What I have been told in private is that there are a lot of people who are afraid to criticize Elizabeth Edwards, even though she is very much a public figure, because she has cancer. They tell me that they agree that it would be wrong to use children as pawns in an election, and maybe the children would be happier having a more consistent life. They say that they too were upset when Elizabeth criticized Hillary Clinton, and they thanked me for being pretty much the only person they know who felt brave enough to question whether her actions were truly motivated by the reasons she points to, rather than perhaps motivated by something else. All of these questions are very valid questions.
And here is another valid question, a quiet question that lies secretly beneath the surface of all of this: When a highly competent educated woman, a woman who in a different world possibly could herself be considered a top contender for president, in a world where girls grow up thinking they too can be president some day -- when that sort of woman, a woman like Elizabeth Edwards, puts her career on hold (either temporarily or permanently) in favor of her husband's career (or for any other family reason), why is that woman by definition considered a hero? As people who know me know about me, I am a seriously old-fashioned kind of feminist, not a new fangled "post" one, and I want to know: why don't we all ask ourselves, her unfair state of health notwithstanding, why don't we live in a world where Elizabeth, and not her husband, would be the one we could vote for? A world where Elizabeth would be a hero for dedicating herself to public service by running for the presidential office, not by defending the fact that her husband, his textbook-traditional nuclear family notwithstanding, is a social progressive.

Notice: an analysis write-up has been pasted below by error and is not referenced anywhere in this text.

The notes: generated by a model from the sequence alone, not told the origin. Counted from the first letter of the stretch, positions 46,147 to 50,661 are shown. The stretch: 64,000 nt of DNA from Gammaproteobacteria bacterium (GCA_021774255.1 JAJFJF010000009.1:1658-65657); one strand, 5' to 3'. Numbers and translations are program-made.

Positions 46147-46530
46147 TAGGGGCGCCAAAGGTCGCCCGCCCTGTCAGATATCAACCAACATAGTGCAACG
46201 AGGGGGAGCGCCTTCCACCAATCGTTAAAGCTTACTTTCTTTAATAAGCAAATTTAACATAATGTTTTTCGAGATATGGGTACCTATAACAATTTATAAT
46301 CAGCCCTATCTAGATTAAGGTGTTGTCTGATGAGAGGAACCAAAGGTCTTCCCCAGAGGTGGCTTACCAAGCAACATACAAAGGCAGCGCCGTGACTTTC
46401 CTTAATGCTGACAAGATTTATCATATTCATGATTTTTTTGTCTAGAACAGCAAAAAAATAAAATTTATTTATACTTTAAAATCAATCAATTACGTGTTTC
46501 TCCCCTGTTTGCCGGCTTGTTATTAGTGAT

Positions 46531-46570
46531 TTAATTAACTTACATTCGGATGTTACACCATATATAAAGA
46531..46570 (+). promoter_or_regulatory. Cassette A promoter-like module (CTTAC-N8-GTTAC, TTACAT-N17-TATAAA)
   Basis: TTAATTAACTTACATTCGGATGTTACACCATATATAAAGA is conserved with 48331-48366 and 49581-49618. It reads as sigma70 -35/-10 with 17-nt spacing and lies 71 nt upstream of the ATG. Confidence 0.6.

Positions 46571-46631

What was proven by the vitriolic response to my post, which continues even as I type, is that the general media and many people are not able to handle these types of questions. So why should I even bother attempting to raise the issue in a forum that is even more certain that this formerly friendly one to discuss the kinds of issues we usually are content to pick apart for days on end? We all struggle with what it means to be a good parent. Because Elizabeth is the Moral Lead of Team Edwards for President, continuing on in the face of illness and young children on the road, despite poor polling and with a lot of money in the bank, it's fair game to wonder why she would be so certain. Or perhaps it is her husband making the decisions. I am sad that he is left out of this discussion. After all, it's his campaign.
Ultimately, I decided that I probably would do the same thing as Elizabeth. But it wasn't the personal attacks (on me) that got me there - it's despite them. And, as I have written very often in the past, I never really view myself as a good mother. I'm a never-there-as-much-as-I-wish-I-could-be mother, and it kills me.
Go ahead and bash me. Tear this post apart. But remember: I am not your enemy. I am just a U.S. citizen, worker bee and mom, doing what feels natural : participating in the Democratic process and trying to make the world a better place. And I invite anyone who wants to join me to return to the larger problems at hand. I'll be the one over there, not over here, for a while.